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Think, when we talk of horses, that you see Turning the accomplishment of many years them
into an hour-glass : For the which supply, Printing their proud hoofs i’the receiving earth: Admit me chorus to this history; For 'tis your thoughts that now must deck our Who, prologue-like, your humble patience pray, kings,
Gently to hear, kindly to judge, our play. Carry them here and there: jumping o'er times ;
SCENE I.-London. An ante-chamber in the You would desire, the king were made a prelate: King's palace.
Hear him debate of commonwealth affairs,
You would say,—it hath been all-in-all his study: Enter the Archbishop of CANTERBURY, and
List his discourse of war, and you shall hear Bishop of Ely.
A fearful battle render'd you in music : Cant. My lord, I'll tell you,—that self bill is Turn him to any cause of policy, urg'a,
The gordian knot of it he will unloose, Which, in the eleventh year o'the last king's Familiar as his garter ; that, when he speaks, reign
The air, a charter'd libertine, is still, Was like, and had indeed against us pass'd, And the mute wonder lurketh in men's ears, But that the scambling and unquiet time To steal his sweet and honeyed sentences; Did push it out of further question.
So that the art and practick part of life Ely. But how, my lord, shall we resist it now? Must be the mistress to this theorick: Cant. It must be thought on. If it pass against Which is a wonder, how his grace should glean it, us,
Since his addiction was to courses vain ; We lose the better half of our possession : His companies unletter’d, rude, and shallow; For all the temporal lands, which men devout His hours fill’d up with riots, banquets, sports; By testament have given to the church, And never noted in him any study, Would they strip from us; being valued thus,- | Any retirement, any sequestration As much as would maintain, to the king's honour, From open haunts and popularity. Fui titi.'en carls, and fifteen hundred knights; Ely. The strawberry grows underneath the Six thousand and two hundred good esquires;
nettle; And, to relief of lazars, and weak age,
And wholesome berries thrive and ripen best, Of indigent faint souls, past corporal toil, Neighbour'd by fruit of baser quality : A hundred alms-houses, right well supplied ; And so the prince obscur’d his contemplation And to the coffers of the king beside,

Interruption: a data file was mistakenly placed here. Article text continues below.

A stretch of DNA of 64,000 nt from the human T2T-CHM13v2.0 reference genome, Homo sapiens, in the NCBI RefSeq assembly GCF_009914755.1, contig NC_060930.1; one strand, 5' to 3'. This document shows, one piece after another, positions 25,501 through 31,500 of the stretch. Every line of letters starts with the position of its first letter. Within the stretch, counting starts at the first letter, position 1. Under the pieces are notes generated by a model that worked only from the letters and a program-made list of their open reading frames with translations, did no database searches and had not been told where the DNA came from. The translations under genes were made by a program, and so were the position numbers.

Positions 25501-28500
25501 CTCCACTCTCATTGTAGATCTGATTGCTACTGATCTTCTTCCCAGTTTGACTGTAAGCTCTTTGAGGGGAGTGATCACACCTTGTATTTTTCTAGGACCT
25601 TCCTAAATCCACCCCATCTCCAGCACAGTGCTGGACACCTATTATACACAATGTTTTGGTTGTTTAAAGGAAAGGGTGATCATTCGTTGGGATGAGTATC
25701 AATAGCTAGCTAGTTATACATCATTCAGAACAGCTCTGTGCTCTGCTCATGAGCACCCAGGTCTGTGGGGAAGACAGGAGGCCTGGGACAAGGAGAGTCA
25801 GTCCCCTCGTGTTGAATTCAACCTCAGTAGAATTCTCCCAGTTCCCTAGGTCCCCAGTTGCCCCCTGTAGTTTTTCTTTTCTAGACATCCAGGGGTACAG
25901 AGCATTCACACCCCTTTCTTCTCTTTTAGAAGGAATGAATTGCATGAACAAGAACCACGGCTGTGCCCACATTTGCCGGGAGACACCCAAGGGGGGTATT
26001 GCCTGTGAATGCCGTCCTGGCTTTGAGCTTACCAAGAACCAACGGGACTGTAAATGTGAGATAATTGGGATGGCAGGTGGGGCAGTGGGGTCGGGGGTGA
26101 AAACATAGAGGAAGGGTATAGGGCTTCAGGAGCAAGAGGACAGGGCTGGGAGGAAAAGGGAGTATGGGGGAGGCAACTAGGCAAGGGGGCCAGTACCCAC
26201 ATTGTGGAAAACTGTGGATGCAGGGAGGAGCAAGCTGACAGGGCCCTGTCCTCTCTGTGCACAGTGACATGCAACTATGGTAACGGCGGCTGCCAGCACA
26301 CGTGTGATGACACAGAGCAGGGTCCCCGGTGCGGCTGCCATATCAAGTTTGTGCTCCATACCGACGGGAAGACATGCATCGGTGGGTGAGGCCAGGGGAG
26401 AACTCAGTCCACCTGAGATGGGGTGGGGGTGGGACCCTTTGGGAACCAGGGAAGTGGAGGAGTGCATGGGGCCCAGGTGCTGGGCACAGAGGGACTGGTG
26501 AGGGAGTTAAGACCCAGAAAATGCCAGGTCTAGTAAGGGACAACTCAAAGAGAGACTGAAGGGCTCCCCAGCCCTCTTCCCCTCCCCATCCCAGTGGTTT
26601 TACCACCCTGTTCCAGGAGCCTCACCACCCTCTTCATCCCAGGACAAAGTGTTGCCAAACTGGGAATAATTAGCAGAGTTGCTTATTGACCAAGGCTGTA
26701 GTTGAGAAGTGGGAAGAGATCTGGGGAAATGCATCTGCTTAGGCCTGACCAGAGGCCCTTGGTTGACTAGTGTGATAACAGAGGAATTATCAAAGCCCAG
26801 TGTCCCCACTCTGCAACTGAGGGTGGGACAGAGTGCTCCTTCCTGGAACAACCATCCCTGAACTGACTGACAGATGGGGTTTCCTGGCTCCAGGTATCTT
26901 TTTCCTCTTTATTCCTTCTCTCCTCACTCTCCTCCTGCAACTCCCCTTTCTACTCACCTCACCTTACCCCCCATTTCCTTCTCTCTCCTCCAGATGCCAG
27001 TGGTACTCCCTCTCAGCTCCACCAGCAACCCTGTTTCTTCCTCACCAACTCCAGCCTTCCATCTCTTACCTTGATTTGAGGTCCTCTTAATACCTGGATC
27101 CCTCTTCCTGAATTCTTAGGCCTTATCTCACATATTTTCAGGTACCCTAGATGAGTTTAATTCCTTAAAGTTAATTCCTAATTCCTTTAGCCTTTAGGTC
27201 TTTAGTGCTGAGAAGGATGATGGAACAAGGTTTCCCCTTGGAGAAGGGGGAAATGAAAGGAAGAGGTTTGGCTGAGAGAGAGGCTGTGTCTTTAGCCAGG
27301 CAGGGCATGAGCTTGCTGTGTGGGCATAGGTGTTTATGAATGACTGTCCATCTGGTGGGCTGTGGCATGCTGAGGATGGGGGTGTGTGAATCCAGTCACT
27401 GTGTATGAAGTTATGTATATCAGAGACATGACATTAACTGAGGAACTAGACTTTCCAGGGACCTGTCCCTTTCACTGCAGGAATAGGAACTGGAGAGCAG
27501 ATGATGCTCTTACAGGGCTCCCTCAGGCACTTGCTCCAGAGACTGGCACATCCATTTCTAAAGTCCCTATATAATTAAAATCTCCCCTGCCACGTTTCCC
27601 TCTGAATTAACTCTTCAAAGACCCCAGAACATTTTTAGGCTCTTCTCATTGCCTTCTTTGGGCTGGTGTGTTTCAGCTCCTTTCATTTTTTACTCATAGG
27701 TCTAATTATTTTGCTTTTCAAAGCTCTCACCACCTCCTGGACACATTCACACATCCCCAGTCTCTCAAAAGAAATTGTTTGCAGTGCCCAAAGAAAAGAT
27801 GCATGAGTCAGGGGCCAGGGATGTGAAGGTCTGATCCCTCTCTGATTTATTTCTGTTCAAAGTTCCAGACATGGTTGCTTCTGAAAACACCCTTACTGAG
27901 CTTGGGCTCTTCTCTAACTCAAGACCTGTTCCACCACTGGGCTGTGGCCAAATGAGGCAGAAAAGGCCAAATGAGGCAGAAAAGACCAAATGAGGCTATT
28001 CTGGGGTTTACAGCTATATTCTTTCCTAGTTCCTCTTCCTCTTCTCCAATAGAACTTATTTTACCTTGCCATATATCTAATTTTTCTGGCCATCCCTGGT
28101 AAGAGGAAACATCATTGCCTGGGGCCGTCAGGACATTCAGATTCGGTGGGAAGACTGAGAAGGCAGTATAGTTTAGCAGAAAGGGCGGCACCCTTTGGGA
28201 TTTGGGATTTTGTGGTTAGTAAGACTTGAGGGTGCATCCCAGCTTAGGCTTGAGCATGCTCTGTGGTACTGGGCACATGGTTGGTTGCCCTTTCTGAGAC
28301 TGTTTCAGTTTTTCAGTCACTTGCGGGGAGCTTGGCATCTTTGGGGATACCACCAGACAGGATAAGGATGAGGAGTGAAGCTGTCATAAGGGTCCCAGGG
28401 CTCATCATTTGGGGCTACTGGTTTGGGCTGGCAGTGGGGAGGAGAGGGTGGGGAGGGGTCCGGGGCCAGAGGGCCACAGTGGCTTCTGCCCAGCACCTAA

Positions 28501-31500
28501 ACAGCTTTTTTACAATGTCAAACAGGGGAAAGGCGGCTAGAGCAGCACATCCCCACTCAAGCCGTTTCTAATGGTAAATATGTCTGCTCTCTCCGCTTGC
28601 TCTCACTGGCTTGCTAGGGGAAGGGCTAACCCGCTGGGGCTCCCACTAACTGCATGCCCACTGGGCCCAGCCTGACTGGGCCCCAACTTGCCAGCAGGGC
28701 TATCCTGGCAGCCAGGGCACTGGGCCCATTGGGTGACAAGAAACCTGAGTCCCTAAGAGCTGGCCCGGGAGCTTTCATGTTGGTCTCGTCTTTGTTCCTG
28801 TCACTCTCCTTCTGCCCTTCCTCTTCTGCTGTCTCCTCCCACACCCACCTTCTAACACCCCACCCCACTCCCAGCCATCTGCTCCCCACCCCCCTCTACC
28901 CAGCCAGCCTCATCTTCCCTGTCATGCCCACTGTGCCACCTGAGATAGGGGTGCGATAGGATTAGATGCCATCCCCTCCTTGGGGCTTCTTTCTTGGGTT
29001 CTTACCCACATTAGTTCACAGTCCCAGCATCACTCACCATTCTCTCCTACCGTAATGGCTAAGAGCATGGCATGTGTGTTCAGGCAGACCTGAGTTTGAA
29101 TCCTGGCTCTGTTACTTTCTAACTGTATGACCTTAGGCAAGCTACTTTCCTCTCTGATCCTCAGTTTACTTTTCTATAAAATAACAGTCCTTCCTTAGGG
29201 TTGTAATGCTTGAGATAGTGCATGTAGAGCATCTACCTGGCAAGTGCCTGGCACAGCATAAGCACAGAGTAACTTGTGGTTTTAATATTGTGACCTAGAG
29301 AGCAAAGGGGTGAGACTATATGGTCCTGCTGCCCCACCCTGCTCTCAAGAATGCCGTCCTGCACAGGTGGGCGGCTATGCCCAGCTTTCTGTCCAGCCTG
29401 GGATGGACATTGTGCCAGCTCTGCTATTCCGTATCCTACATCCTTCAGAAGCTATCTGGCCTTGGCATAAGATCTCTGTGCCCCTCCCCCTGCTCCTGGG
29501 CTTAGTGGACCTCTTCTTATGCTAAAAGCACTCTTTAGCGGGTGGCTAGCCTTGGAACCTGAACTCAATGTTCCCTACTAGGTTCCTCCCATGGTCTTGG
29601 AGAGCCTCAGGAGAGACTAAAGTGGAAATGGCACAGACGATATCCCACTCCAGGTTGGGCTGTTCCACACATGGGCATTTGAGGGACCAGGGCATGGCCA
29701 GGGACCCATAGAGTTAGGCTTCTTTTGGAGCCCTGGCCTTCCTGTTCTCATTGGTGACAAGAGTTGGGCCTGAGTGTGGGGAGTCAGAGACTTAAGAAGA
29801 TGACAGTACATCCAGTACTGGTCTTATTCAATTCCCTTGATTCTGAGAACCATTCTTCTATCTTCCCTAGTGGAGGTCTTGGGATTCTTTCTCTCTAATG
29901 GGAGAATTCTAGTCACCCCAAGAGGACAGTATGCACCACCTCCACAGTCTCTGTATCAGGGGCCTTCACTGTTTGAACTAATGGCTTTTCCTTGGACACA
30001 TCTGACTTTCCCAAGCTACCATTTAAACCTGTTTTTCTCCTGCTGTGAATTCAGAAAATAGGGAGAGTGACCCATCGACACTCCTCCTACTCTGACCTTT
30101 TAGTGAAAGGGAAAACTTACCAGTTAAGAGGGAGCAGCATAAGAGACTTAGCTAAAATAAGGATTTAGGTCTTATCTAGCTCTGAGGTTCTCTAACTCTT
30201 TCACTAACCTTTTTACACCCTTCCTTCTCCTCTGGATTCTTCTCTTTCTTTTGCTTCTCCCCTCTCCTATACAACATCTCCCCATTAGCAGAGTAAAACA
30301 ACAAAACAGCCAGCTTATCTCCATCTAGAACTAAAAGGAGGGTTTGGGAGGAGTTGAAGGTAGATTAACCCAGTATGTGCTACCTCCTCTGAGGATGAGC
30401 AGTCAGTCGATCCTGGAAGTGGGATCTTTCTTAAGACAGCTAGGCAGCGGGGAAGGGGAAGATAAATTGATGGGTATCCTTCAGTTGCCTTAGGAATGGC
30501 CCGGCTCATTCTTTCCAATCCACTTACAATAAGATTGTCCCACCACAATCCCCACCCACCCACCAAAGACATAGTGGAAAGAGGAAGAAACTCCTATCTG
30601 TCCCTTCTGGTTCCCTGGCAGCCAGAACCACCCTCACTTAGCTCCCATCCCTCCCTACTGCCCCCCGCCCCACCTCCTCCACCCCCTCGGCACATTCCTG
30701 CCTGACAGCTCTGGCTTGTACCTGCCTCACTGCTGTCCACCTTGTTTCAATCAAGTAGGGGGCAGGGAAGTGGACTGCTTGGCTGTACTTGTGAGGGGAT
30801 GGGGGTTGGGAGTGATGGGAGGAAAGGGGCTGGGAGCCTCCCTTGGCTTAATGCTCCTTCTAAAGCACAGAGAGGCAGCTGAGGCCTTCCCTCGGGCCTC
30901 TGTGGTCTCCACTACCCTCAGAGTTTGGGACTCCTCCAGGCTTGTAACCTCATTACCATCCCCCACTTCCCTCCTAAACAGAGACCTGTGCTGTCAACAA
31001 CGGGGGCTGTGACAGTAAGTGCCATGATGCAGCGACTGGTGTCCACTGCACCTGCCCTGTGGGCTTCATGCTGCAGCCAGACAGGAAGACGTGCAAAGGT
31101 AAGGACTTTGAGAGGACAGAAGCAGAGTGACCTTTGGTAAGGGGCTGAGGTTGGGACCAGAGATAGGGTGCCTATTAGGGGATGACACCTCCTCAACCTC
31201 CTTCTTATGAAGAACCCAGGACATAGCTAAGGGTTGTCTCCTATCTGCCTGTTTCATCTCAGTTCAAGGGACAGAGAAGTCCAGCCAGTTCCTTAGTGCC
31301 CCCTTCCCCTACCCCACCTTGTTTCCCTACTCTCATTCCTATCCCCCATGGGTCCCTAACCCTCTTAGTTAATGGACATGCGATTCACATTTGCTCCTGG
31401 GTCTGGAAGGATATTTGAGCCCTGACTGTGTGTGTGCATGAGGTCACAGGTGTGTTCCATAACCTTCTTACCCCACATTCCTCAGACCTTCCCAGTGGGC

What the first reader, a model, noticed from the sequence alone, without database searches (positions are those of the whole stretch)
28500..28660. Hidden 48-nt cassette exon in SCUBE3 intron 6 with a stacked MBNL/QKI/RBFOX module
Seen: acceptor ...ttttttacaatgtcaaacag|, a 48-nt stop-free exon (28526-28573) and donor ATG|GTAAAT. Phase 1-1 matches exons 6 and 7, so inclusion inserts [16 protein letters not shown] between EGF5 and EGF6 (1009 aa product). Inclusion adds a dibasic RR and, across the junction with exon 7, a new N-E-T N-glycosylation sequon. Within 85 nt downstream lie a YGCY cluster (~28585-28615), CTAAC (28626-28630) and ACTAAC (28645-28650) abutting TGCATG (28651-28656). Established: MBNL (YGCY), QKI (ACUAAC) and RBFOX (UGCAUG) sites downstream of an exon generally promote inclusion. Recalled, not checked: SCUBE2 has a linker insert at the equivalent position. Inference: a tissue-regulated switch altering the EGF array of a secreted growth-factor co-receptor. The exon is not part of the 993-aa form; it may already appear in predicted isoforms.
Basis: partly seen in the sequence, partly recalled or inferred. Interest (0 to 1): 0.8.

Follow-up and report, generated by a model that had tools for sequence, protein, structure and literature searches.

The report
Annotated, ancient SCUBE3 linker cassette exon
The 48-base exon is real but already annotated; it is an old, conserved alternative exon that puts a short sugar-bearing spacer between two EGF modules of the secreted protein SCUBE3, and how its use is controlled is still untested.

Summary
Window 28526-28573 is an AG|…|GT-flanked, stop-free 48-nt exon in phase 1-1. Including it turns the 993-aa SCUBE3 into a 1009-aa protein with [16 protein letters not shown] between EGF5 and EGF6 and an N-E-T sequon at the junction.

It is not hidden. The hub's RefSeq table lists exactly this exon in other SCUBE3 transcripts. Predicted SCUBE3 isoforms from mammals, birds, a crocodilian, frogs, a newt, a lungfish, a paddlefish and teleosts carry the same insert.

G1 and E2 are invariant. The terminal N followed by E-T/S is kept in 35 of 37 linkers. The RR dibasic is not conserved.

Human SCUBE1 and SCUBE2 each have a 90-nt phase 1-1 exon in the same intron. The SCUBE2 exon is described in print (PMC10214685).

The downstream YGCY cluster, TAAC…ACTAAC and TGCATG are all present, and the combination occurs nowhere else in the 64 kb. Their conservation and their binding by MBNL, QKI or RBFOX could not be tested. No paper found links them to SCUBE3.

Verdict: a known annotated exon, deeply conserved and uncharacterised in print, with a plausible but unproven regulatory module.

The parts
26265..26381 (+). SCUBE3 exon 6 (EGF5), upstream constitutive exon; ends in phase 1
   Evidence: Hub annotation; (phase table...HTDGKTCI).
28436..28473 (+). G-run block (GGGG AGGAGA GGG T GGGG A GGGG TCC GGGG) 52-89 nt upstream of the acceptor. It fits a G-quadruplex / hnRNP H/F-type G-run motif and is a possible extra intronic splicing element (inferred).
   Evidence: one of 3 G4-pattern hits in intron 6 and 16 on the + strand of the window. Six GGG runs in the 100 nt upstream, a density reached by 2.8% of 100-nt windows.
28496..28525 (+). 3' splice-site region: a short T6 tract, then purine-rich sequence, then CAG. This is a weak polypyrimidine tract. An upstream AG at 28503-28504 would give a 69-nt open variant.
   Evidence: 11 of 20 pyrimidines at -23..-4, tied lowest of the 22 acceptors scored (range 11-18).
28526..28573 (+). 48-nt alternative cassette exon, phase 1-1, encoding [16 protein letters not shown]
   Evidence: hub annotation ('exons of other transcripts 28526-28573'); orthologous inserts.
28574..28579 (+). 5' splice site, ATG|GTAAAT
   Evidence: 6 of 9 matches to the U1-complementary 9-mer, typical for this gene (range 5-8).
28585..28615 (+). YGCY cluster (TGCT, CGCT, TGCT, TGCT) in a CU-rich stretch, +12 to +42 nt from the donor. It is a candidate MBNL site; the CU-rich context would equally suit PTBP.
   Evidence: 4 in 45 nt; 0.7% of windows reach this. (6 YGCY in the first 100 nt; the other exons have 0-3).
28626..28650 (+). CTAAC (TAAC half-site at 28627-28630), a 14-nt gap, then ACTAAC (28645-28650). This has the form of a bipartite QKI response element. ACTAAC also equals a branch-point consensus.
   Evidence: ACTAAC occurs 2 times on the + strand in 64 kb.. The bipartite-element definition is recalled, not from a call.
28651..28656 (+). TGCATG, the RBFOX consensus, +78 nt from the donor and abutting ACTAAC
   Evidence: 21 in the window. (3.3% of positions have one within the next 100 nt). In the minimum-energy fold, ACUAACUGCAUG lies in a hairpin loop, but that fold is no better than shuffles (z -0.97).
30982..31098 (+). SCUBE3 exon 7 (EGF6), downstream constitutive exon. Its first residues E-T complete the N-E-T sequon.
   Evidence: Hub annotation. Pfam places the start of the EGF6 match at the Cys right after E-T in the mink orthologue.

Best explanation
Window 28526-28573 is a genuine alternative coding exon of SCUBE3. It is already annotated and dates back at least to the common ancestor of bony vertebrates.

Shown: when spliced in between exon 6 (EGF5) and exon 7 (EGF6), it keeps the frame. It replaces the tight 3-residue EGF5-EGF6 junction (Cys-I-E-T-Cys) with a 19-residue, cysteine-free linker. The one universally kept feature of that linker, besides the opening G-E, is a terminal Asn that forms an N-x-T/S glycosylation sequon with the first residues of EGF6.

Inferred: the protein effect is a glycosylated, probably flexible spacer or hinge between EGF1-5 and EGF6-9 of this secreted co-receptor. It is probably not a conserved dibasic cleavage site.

Under the veil of wildness ; which, no doubt, A thousand pounds by the year : Thus runs the Grew like the summer..grass, fastest by night, bill.
Unseen, yet crescive in his faculty. Ely. This would drink deep.
Cant. It must be so: for miracles are ceas'd ; Cant. 'Twould drink the cup and all.
And therefore we must needs admit the means, Ely. But what prevention ?
How things are perfected.
Cant. The courses of his youth promis'd it not. Urg'd by the commons ? Doth his majesty
Cant. He seems indifferent ;
Than cherishing the exhibiters against us :And whipp'd the offending Adam out of him; For I have made an offer to his majesty,– Leaving his body as a paradise,
Upon our spiritual convocation ;
As touching France,—to give a greater sum
Did to his predecessors part withal. So soon did lose his seat, and all at once,
Ely. How did this offer seem receiv'd, my As in th's king.
lord ? Ely. We are blessed in the change.
Cant. With good acceptance of his majesty; Cant. Hear him but reason in divinity, Save, that there was not time enough to hear An, all-admiring, with an inward wish (As, I perceiv'd, his grace would fain have done,)
The severals, and unhidden passages,
Under this conjuration, speak, my lord : Of his true titles to some certain dukedoms; And we will hear, note, and believe in heart, And, generally, to the crown and seat of France, That what you speak is in your conscience wash'd Denu'd from Edward, his great grandfather. As pure as sin with baptism. Ely. What was the impediment that broke Cunt. Then hear me, gracious sovereign, this off?
and you peers, Cant. The French ambassador, upon that in- That owe your lives, your faith, and services, stant,
To this imperial throne ;—There is no bar Crar'd audience: and the hour, I think, is come, To make against your highness' claim to France, To give him hearing : Is it four o'clock ? But this, which they produce from Pharamond, Ely. It is.
In terram Salicam mulieres ne succedant, Cunt. Then go we in, to know his embassy; No woman shall succeed in Salique land: Which I could, with a ready guess, declare, Which Salique land the French unjustly gloze, Before the Frenchman speak a word of it. To be the realm of France, and Pharamond Ely. 17] wait upon you; and I long to hear it. The founder of this law and female bar.
[Exeunt. Yet their own authors faithfully affirm,
That the land Salique lies in Germany, SCENE II.-The same. A room of state in the Between the floods of Sala and of Elbe:
Where Charles the great, having subdued the
Saxons, Enter King Henry, Gloster, Bedforn, EXE- There left behind and settled certain French,
TEZ, WARWICK, WESTMORELAND, and At- Who, holding in disdain the German women, tendants.